Oddfellows and Others:
The World of the Victorian Friendly Societies

Mr R.L. Greenall

6th October 2007

St Andrew's Hospital, Billing Road, Northampton

One feature which struck foreign commentators on British society in the 19th century was the degree to which working men associated together to avoid such disasters as the workhouse or a pauper's grave. They did this by insuring themselves in 'mutual' organisations against the incidental misfortunes of life such as sickness, unemployment old age, or premature death. Every village had its club or friendly society, and many had several. In the towns there was usually a richer network of local clubs and branches of nationally federated orders, with such esoteric names as Oddfellows, Foresters, Good Shepherds, Free Gardeners and Rechabites. This lecture will explore this worls, with particular reference to Victorian Northamptonshire.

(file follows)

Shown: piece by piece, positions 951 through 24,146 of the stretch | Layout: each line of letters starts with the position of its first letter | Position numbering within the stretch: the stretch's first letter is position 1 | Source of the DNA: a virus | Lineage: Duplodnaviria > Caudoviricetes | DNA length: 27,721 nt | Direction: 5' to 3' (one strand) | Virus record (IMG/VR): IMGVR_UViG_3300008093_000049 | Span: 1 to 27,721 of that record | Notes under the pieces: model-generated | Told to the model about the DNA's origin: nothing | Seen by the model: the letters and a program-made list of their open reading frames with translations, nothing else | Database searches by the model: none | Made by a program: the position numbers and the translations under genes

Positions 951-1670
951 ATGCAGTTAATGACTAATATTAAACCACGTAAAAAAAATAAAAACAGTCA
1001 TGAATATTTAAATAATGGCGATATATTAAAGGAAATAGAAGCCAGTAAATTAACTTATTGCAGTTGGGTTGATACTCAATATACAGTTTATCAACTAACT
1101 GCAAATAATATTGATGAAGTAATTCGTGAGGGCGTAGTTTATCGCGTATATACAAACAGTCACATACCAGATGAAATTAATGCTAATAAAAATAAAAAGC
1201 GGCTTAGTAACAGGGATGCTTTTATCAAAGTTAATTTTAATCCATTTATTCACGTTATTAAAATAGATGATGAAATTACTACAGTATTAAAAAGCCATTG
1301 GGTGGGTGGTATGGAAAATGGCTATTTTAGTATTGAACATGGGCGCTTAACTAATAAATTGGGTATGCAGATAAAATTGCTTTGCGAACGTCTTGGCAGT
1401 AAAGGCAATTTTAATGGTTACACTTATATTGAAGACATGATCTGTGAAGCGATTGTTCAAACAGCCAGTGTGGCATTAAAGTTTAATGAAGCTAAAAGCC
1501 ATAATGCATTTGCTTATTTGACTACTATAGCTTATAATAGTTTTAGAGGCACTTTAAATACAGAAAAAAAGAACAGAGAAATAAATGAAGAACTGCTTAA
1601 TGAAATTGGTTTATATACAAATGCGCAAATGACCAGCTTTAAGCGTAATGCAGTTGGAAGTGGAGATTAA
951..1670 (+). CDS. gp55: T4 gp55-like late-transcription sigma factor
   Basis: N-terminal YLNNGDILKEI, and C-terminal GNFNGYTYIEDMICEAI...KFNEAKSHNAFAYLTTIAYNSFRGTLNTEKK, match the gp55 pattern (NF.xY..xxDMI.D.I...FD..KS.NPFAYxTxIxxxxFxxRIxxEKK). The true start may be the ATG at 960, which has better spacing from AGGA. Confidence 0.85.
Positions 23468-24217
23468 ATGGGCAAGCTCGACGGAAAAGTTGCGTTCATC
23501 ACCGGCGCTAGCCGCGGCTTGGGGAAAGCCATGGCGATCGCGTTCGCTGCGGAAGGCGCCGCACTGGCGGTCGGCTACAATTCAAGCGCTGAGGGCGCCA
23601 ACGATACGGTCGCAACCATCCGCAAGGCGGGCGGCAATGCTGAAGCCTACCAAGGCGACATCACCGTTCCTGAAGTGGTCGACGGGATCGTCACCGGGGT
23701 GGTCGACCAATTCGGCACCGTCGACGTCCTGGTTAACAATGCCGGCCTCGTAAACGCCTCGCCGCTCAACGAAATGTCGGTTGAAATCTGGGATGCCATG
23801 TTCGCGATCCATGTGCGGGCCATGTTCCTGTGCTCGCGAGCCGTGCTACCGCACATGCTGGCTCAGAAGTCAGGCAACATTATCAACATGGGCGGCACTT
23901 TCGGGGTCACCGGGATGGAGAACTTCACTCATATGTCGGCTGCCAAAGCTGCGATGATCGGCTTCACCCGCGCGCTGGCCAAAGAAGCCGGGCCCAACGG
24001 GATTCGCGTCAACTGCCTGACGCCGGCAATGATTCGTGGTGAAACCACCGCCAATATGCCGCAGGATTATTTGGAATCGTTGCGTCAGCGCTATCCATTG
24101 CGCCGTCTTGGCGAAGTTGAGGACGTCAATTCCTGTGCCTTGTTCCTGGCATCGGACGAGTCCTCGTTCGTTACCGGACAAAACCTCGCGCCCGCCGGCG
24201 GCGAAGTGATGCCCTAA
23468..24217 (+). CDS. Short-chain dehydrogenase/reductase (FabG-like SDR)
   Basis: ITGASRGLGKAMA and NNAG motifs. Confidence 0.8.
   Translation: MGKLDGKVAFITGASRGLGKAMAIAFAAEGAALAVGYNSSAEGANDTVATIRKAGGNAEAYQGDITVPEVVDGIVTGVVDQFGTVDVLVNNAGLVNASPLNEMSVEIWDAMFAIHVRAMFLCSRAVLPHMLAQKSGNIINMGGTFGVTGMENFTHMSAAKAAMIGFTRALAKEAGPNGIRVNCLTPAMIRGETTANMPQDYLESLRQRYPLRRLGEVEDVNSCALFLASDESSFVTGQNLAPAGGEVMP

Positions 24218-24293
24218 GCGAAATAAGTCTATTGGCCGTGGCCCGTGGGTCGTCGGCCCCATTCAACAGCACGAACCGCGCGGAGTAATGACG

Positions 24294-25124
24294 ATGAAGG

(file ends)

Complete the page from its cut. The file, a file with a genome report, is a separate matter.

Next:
Ron Greenall first came to Northamptonshire in 1965 as the University of Leicester's adult education organiser in Northampton, and became the first warden of the University Centre in Barrack Road. As a historian he began to interest himself in the county's history, teaching in Northampton and other centres for over thirty years. He is an author of several books on local history, the most recent of which is his History of Kettering (2003). He has been a member of the Northamptonshire Record Society since 1970 and edited Northamptonshire Past and Present for sixteen years and served for another twelve as general editor of the society's main series, retiring earlier this year.

return to the index page